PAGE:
Collaborate. Leverage. Impact.
On the way to a
Research Centre (CRC)
Infertility is on the rise, currently affecting more than 50 million couples worldwide – a prevalence similar to other common diseases such as diabetes. Hence, integrated research approaches investigating both the basic principles of reproduction and pathomechanisms of infertility are required.
Fuelled by the DFG Clinical Research Unit ‘Male Germ Cells’ (CRU326) and supported by the University of Münster, we set out to take male reproductive research as well as the diagnostics and care of male infertility to a whole new level. Our Reproduction.MS initiative aims to shape and successfully accomplish a DFG Collaborative Research Centre (CRC). This CRC – composed of basic and clinical scientists of the University, University Hospital, and Max Planck Institute Münster as well as one collaborator from the RWTH Aachen – shall take this endeavour further and establish a beacon of excellence unravelling the molecular mechanisms of male infertility. The central objective of the CRC is to shed light on the genetic, molecular, and cellular mechanisms governing the formation and function of the testis, sperm production and function, and the fertilisation process – both in health and disease. To this end, we aim to combine interdisciplinary research in molecular and cell biology, physiology, epi‑/genetics, (bio)informatics, and multimodal data analysis. Our main focus lies on humans, capitalising on the close interconnection of medicine, clinical science, and basic science in Münster. This unique setting enables projects relying on thoroughly characterised human material, particularly from male patients suffering from infertility and related disorders, inspiring projects on selected mammalian and non-mammalian model organisms and vice versa. Finaly, innovative central projects that interface clinics with science, are designed to generate and analyse genomic data, manage scientific and medical data, and conduct ‘Citizen/Patient Science’ to maximise the CRC’s scientific, clinical, and social impact.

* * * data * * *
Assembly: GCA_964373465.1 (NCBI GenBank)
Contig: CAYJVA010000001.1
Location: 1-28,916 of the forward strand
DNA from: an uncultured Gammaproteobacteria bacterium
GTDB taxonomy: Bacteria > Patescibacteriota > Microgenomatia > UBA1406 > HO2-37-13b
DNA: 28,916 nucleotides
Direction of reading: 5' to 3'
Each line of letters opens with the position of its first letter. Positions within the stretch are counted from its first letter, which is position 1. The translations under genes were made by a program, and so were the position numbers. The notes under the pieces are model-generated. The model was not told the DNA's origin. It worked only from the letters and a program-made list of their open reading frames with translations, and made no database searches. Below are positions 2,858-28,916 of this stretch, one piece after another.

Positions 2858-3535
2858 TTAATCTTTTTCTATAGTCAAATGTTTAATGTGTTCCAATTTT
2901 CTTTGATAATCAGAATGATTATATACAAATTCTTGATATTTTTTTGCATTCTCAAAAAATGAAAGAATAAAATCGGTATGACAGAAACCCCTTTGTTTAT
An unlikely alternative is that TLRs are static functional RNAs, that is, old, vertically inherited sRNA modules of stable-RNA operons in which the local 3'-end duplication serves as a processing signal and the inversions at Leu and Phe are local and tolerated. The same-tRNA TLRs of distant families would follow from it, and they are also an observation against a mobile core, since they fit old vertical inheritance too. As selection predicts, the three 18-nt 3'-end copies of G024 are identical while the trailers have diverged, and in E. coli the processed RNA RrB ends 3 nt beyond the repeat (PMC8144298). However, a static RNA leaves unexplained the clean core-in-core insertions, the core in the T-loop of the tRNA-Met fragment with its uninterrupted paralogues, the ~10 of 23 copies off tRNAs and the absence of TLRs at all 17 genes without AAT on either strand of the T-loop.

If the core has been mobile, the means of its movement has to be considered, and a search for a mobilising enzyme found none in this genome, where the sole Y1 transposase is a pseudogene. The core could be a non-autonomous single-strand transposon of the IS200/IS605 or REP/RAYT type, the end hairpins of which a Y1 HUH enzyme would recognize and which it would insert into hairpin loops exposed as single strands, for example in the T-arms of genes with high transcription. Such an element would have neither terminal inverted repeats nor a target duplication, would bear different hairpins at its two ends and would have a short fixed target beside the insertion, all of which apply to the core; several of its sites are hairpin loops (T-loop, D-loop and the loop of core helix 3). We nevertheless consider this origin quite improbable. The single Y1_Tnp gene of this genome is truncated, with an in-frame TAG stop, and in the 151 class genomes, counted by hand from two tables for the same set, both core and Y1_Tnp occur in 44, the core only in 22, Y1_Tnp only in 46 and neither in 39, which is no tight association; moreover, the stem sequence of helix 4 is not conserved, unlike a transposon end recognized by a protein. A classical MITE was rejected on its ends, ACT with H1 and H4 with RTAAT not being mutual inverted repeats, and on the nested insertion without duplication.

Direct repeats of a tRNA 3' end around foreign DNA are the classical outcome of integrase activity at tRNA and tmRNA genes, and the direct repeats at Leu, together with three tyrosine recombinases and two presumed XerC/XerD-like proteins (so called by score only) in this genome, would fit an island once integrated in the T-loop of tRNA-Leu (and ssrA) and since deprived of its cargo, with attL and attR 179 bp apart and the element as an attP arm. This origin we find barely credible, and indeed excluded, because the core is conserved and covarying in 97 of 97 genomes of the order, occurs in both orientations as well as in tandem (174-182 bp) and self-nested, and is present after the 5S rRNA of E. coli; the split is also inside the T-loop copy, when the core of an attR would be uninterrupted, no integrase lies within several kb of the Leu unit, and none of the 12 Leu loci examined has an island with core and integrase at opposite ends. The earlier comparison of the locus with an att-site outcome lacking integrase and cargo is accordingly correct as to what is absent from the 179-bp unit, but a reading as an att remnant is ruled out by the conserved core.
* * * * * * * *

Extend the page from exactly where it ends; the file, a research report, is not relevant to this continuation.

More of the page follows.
Our mission is to spur the translation of basic knowledge into the clinic, for example, to enable early diagnosis of male infertility as well as co-morbidities and increase the fraction of evidence-based treatment decisions for medically assisted reproduction.